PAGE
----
For the earlier articles in this series, click below:
- State of the Catcher
- State of First Base
- State of Second Base
- State of Third Base
- State of Shortstop
- State of the Outfield
- State of the Starting Pitcher
Welcome to the collective headache, better known as the fantasy reliever market. Anywhere between one-quarter and one-third of closers can reasonably be expected to lose their job for a portion of the season. Projecting relief performance is an inexact science—due to the fact that relievers pitch fewer innings and thus deal with relatively small sample sizes, which naturally results in an extreme range of potential outcomes.
We humbly accept the burdens of the job, though, and will strive to analyze the fantasy impact of relievers across the league. Just remember: closers may come and go, but Craig Kimbrel and Aroldis Chapman are forever. Be still, my beating heart.
The League Breakout
The Cincinnati Reds may not challenge for the NL Central crown this year, but if you’re looking at the NL for relievers, Aroldis Chapman has eclipsed Kimbrel as the number-one option. He struck out 52.5 percent of the batters he faced in 2014. That’s the best mark of any qualified reliever in baseball history. In fact, he had more strikeouts last year (106) than Doug Fister, Anibal Sanchez, and Dillon Gee. The saves certainly make up the meat-and-potatoes of his value in standard leagues, but he’s one of the few relievers who can dominate other categories enough to make him as valuable as if he were a low-end starter (plus the saves).
Chapman was the ninth-best reliever and didn’t pitch in a game until May 11th; give him another month-plus this year, and he’s elite.
If you’re scouring the depths for a breakout candidate in the National League, Hector Rondon could be a nice mid-tier option with the potential to be something more. The Cubs should be a much-improved ballclub, and he posted a 2.42 ERA (2.26 FIP) with 29 saves a year ago. Best of all, he compiled a 11.1 percent swinging-strike rate and experienced a nice velocity bump. I’m worried about his ability to neutralize lefties and the Cubs have other viable bullpen options who could steal the closer role if he slips up, but I’d prefer Rondon to someone like Santiago Casilla—who has received a bit of buzz as a sleeper candidate among the closers. Casilla doesn’t strike out enough batters for my taste, and I think Sergio Romo will severely threaten to regain command of the ninth inning.
Shifting to the American League, there are many intriguing options. Jake McGee closed games for the Rays a year ago, but the 26-year-old Brad Boxberger turned some heads with a 2.37 ERA and a 14.47 K/9. His fastball-changeup combination was lethal in 2014. His 14.4 swinging-strike rate ranked 12th among qualified relievers. Of course, a nice velocity spike helped things immensely, too.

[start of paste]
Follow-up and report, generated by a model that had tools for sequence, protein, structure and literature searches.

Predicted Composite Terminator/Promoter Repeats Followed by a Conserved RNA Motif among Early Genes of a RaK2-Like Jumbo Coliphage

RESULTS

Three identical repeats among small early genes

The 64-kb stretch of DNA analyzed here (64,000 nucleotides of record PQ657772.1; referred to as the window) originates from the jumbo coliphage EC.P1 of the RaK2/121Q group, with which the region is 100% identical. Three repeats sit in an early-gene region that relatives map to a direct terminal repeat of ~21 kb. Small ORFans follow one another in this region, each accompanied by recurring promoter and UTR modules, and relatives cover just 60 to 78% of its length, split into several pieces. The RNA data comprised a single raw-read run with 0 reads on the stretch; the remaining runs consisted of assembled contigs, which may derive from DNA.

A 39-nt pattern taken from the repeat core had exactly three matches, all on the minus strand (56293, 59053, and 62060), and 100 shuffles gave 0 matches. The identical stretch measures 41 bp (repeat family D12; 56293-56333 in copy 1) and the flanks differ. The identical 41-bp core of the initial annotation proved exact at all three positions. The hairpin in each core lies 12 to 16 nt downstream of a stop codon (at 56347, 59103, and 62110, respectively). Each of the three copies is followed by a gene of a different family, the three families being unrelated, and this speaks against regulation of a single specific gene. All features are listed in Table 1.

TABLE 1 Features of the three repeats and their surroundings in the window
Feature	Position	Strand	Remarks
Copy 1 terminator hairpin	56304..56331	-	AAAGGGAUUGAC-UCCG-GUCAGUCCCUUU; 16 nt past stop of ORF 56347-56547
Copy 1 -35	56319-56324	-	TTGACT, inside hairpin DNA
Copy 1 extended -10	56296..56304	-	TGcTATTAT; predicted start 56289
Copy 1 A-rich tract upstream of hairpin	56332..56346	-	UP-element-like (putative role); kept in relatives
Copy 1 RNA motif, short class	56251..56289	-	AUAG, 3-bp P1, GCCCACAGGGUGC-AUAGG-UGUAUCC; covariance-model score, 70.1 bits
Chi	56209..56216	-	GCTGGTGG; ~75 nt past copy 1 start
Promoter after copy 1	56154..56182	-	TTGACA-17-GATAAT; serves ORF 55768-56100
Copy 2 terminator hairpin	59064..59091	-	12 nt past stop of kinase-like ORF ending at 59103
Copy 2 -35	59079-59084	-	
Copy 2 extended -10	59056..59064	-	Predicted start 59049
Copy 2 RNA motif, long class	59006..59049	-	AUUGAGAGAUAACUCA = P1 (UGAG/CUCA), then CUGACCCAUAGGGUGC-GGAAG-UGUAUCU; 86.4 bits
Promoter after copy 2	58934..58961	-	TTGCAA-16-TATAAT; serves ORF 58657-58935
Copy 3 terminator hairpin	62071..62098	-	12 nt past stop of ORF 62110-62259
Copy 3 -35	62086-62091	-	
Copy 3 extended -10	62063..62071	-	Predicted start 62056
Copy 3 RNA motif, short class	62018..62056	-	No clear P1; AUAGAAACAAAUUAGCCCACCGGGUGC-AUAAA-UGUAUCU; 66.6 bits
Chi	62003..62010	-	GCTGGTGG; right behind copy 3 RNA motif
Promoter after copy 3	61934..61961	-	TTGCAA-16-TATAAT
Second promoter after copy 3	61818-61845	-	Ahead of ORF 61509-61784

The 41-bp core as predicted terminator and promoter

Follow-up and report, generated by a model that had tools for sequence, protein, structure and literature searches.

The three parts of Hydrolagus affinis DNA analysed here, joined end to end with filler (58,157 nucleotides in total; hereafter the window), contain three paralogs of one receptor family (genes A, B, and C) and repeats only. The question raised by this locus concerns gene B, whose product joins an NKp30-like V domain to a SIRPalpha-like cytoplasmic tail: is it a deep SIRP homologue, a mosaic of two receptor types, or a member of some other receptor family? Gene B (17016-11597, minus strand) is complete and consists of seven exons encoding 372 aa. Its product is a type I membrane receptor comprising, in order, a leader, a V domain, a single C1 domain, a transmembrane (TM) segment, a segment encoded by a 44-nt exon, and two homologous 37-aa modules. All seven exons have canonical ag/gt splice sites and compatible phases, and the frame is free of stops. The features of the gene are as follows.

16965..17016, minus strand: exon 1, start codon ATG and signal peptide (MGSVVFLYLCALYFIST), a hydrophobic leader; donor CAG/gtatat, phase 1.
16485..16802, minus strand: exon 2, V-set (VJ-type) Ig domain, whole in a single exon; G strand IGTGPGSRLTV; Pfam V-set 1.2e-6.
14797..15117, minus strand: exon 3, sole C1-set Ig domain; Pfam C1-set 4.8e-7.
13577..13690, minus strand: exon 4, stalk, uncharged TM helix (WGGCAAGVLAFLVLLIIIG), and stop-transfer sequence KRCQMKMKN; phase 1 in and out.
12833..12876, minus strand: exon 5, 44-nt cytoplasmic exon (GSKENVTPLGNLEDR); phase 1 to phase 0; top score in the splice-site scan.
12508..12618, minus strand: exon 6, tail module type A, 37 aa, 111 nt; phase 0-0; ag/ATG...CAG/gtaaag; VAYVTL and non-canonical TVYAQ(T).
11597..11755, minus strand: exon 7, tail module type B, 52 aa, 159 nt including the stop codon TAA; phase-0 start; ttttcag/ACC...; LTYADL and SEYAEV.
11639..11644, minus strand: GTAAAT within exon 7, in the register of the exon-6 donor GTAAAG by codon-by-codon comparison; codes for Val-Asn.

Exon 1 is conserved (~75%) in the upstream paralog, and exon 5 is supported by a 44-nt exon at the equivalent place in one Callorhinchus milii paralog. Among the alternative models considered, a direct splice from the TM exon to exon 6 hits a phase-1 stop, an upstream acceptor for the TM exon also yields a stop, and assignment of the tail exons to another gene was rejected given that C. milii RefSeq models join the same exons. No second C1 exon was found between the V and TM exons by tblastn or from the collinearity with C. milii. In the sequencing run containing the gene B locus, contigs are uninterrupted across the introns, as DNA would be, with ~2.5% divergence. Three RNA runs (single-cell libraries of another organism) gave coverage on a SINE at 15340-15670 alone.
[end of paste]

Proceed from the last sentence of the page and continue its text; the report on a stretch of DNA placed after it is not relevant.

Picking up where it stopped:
Other relievers such as Wade Davis, Andrew Miller, and Ken Giles will be knocking on the door to shut down opponents in the ninth inning. All seemingly have the stuff to be fantasy producers without the closer’s position, but if they can ultimately grab it, their fantasy value will skyrocket upward. Perhaps a late-round flyer would be wise.
The Strategy in Mixed Leagues
As much as I love Chapman and Kimbrel—and I do—they’re being drafted in the top 50 overall. Chapman is going 43rd and Kimbrel at no. 50. That’s too high for me, as only one reliever was a top-40 fantasy producer a year ago: Greg Holland. Too much volatility exists, and the upside of Chapman or Kimbrel at those spots is inherently limited. I’d much rather draft someone like Carlos Gonzalez at no. 47 and have the upside of a top-10 producer.
I’m traditionally one to pass on the top four or five options at closer and make my money elsewhere. This allows me to grab someone like Zach Britton at 126th overall, when he was the third-best reliever in baseball in 2014. Also, it’s important to capitalize on the waiver wire, but that’s not something you should rely on during your draft. Give me a pair of closers, such as Britton and Rondon, in the 12th through 15th rounds, and I’ll back it up with a couple of non-closers with high earning potential, such as Boxberger and Davis.
Having a top-tier closer is always attractive. I’m more apt to succumb to the allure in auction leagues, but I generally advocate grabbing a couple mid-tier closers that you like more than most and supplement with a couple dominant set-up men who could take the closer’s role and run with it. Sometimes that results in someone like Rex Brothers, but it also occasionally yields someone like Cody Allen. The goal is to speculate on saves with relievers who can still provide marginal value without saves—this obviously becomes more valuable in leagues that reward holds.
The Long-Term Outlook
The top-five relievers in dynasty leagues remain fairly static: Aroldis Chapman, Craig Kimbrel, Greg Holland, Dellin Betances, and Kenley Jansen. There’s a drop off for me after that, with guys like Cody Allen and David Robertson heading up the next tier.
It’s rarely prudent to draft minor-league relievers in dynasty leagues, simply due to the freaks of fortune that accompany the relief market. However, someone like Nick Burdi seems to cut against the grain. He’s 22 years old, touches triple digits, and should begin the year in Double-A. It won’t be long until his nasty fastball-slider combination arrives in the majors. Other minor-leaguers worth targeting: Jairo Diaz, Raisel Iglesias, and Derek Law.
If you’re looking for other future closers in the minors, I’m not sure how fruitful that search will be. I’d be more comfortable grabbing guys like Brandon Maurer, Jenrry Mejia, Kevin Quackenbush, Corey Knebel, and others of that ilk.
A Closing Haiku
Some will make you cry.
Some will make you grin. Good
Luck figuring out who.
Thank you for reading
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